When an account is paid off through a collection agency, why doesn’t it show paid in settlement on the account with the original creditor as well as the collection agency account?
Your credit report reflects the history of a debt. If the original creditor sells the account to another lender, it would be shown in your credit report as “Transferred,” or “Sold to” and has a status of “charged off.”
This status indicates the original account is no longer the active account entry. That lender is not longer associated with the debt and will no longer provide updates on it. It remains in your credit report to provide a complete history of the debt.
The collection agency is now the legal owner of the debt and is responsible for providing any updates or changes in the, payment status of the debt. The collection account may also have a note indicating “Transferred from” or “Purchased from,” and will show the name of the original lender. The notation enables you to easily track the history of the debt and to identify the current debt owner.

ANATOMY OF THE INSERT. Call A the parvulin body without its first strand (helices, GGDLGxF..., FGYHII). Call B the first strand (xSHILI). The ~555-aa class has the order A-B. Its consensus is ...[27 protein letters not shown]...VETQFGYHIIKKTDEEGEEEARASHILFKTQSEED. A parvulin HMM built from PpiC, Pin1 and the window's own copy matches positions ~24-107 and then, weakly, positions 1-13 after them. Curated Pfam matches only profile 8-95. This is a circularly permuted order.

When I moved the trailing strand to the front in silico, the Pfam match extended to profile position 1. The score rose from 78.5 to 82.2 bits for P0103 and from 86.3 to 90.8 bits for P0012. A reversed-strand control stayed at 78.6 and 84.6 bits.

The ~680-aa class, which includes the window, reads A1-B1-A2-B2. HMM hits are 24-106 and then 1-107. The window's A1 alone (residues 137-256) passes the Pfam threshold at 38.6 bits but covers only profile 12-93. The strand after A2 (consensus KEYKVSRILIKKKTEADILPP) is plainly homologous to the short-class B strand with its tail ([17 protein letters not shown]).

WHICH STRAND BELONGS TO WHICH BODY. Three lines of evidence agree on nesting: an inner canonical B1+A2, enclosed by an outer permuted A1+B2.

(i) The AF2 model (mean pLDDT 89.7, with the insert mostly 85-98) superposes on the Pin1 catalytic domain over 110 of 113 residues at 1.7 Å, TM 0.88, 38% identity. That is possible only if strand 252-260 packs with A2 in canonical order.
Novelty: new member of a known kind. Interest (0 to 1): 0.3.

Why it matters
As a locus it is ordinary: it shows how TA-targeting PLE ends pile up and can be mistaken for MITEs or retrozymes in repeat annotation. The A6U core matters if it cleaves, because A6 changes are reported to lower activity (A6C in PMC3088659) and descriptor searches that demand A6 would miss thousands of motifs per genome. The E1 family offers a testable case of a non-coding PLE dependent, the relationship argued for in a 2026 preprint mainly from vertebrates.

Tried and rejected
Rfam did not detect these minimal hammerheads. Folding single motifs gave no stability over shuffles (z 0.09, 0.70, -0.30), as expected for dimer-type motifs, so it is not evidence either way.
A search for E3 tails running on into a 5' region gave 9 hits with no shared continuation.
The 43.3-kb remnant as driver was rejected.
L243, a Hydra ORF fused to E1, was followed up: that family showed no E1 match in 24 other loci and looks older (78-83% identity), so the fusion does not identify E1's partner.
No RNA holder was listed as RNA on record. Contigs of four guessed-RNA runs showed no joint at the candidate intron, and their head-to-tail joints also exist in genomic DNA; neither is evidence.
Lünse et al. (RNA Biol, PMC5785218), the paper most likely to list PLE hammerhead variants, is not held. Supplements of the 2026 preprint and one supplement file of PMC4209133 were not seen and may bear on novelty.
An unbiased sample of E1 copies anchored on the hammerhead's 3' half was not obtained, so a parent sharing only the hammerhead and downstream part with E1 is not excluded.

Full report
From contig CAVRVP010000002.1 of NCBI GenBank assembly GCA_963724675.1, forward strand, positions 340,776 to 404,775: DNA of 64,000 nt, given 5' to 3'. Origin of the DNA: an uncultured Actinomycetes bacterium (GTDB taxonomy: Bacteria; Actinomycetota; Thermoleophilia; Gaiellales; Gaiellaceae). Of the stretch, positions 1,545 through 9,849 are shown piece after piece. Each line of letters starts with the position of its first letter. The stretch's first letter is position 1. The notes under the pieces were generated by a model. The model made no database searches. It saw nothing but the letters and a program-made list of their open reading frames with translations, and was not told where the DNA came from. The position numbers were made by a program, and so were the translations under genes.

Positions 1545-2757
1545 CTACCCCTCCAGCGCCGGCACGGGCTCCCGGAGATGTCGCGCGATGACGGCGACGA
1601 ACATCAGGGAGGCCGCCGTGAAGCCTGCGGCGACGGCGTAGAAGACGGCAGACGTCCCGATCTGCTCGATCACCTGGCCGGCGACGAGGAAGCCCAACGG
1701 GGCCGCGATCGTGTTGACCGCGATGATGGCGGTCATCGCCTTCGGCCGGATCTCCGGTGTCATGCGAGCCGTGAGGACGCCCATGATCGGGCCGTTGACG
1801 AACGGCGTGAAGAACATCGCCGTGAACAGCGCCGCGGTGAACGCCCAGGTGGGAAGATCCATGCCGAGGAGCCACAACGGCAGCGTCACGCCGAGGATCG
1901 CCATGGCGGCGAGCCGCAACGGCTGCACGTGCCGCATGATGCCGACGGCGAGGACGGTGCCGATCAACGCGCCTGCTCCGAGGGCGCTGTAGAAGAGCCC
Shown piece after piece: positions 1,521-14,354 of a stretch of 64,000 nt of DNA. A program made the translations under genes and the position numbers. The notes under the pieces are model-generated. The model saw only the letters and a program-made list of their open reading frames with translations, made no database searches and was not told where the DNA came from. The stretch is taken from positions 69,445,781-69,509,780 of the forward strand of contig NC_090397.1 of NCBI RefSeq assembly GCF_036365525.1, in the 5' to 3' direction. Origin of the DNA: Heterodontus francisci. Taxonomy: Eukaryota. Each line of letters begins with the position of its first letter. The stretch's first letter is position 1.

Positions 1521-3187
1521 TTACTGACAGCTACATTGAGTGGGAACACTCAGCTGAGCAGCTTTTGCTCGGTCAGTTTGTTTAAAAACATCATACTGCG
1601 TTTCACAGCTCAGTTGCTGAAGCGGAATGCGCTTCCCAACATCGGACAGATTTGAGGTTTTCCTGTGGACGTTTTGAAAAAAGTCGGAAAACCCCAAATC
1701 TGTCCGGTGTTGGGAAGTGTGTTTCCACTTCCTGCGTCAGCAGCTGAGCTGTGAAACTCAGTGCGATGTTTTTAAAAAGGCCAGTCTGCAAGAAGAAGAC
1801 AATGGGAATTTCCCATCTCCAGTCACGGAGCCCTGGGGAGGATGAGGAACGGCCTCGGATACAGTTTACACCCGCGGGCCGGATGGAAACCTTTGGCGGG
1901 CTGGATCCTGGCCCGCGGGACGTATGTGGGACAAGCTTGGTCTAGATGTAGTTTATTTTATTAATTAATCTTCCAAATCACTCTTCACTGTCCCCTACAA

When you pay off a collection account, you are paying the collection agency, not the original account holder. The collection account, which is the active entry for the debt in your credit report, will be updated to show paid in full; or, in the event the account was settled for less than the full balance, to show “Settled.” Because you did not pay the original creditor, a status of “Paid” or “Settled” on that original account would not be an accurate reflection of your payment history.
The original account and all subsequent collection accounts will remain on your personal credit report for seven years from the date of the initial missed payment that led to the charge off.
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- The “Ask Experian” team